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    M1915 Navy Seaplane Badge / Seefliegerabz.

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    When did you acquire this badge? Lately? I am positive that´s fake, however with quite sophisticated hallmarks/maker´s mark, which are improved by fakers as time goes on. As Simius Rex wrote, just 50 badges made and only 23 awarded (fate of the rest 27 unknown). Official maker was company Franz Thill & Neffe. AH War Ministry insisted in its order to the company that pieces must be made of hallmarked silver. Original pieces have normally on the reverse side in the tip of right wing  "AZ" for maker´s mark, "A" and "Windhundkopfpunze" for silver. Needle is totally different, as well as the hinge. Argument that´s private piece made by VM (famous Viennese maker of orders and decorations till its bankruptcy in 1922) would be acceptable if the quality of manufacture would correspond to it. Red enamel on the front is "plain", without so-called "Flinkierung" (working technique in enameling; The base is engraved or guilloche and then covered with a transparent enamel), seagull and crown are attached by some strange wire hooks.  Hallmarks and maker´s mark look quite good on the first sight (expect that "Dianakopf"), which is the main catch for less advanced collectors, who don't see the hook for the bait.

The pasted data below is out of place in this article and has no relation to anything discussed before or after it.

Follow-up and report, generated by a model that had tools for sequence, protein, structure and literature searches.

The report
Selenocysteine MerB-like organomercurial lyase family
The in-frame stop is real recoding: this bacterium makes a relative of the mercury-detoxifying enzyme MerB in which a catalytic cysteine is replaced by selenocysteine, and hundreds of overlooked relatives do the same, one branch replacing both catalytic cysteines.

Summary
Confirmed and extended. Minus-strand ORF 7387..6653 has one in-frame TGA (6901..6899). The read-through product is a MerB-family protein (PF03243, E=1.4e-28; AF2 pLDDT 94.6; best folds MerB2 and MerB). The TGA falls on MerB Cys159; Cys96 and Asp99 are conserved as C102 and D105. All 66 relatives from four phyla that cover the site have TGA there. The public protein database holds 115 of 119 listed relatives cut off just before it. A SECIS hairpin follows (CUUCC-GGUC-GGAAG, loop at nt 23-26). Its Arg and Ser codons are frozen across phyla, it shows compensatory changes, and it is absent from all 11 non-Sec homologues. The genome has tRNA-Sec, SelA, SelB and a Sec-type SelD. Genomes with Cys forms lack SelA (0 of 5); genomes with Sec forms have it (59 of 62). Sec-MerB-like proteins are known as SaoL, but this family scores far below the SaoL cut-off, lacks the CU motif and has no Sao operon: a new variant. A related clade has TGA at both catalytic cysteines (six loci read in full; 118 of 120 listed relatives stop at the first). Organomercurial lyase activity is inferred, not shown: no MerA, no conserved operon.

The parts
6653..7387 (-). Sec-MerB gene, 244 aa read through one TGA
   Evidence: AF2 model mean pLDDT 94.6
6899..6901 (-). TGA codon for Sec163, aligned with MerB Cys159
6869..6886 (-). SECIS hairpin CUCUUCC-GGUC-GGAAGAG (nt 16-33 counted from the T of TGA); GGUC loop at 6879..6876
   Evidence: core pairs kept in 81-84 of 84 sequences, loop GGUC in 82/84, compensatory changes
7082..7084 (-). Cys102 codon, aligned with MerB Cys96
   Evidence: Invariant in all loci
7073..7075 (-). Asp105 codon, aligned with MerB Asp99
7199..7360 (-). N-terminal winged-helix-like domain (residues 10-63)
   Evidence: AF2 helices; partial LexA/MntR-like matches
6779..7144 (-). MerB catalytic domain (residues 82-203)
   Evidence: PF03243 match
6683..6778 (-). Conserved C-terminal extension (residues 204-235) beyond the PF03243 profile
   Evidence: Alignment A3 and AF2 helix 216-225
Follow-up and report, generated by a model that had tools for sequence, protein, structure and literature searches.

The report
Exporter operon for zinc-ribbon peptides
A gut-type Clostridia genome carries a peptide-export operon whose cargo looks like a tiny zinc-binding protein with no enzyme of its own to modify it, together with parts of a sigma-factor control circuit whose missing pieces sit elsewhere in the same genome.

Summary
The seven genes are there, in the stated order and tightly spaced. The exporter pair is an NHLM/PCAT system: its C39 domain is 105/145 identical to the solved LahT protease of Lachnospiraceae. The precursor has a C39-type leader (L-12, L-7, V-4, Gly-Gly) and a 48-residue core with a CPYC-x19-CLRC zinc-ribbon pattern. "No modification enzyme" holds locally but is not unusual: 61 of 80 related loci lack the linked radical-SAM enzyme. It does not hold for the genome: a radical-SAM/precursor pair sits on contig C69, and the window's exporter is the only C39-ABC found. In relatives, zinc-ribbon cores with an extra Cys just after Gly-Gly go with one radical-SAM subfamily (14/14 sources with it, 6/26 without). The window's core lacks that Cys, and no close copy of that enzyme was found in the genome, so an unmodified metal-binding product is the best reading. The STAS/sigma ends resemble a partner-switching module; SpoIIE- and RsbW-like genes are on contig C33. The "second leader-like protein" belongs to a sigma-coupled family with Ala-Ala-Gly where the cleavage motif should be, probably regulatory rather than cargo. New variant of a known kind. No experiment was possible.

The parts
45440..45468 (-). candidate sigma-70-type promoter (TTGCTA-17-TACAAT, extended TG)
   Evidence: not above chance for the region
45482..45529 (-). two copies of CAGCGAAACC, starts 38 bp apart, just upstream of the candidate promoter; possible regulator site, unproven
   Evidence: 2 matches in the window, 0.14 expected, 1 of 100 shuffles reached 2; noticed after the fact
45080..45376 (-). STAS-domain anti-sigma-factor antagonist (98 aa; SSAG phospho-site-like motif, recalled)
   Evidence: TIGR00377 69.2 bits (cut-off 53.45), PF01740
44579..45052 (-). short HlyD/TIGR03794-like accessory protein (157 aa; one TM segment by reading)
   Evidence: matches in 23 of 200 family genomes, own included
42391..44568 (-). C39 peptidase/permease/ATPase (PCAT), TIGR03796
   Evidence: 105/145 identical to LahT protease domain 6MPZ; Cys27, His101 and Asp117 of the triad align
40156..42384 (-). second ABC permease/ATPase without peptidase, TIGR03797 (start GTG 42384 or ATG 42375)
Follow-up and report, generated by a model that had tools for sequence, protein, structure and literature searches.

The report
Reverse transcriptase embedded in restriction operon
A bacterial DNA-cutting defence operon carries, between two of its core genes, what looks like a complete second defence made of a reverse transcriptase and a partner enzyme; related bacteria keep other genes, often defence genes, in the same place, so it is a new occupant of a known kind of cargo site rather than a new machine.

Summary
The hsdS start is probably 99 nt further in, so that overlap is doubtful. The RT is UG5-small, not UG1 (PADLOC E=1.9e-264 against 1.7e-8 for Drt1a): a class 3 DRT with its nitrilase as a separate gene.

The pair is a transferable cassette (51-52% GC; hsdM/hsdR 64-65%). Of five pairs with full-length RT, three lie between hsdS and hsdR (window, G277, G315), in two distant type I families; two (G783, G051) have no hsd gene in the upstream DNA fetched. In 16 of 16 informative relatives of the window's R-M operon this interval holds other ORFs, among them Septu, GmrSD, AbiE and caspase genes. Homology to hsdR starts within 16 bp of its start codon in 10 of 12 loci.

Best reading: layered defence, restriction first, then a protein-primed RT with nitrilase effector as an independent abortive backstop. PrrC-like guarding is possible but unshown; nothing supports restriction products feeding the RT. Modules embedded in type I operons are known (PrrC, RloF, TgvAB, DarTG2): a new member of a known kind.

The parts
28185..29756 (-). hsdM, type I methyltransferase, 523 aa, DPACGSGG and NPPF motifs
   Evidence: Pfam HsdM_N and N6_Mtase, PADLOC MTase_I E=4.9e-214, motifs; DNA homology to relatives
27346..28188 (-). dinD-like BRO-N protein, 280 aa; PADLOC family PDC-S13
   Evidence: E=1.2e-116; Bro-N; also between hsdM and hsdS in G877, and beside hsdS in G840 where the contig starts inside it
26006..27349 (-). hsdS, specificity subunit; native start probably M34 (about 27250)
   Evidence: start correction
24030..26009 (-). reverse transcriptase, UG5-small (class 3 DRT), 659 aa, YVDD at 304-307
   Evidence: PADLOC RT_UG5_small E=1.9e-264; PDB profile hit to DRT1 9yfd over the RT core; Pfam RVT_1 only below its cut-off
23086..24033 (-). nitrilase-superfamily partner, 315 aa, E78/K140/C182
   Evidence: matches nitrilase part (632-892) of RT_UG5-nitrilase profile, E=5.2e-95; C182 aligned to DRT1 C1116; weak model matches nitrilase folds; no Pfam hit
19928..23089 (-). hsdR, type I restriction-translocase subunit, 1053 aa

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    Great thorough answers you guys, thanks!   I had overlooked that other maker.  This was offered to me privately, and I have not bought it.   I've got one more to show, but I will post it on the other thread.  Thanks again for the comprehensive analysis...

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    • 3 weeks later...



    Being back home after a period at the sea with my wife and children, here I am reading again the pages of this Forum.


    I can only confirm what was correctly written by the colleagues.


    From what I can see in the pictures, the badge is a poor copy, struck with fake silver and maker's mark and aged with a chemically applied patina.


    The mentioned markings, are more and more often appearing (along with the lozenge-shaped mark of Rothe), on fake orders and badges of the Austro-Hungarian Monarchy.


    I think that in the future we'll have interesting material for passionate discussions.

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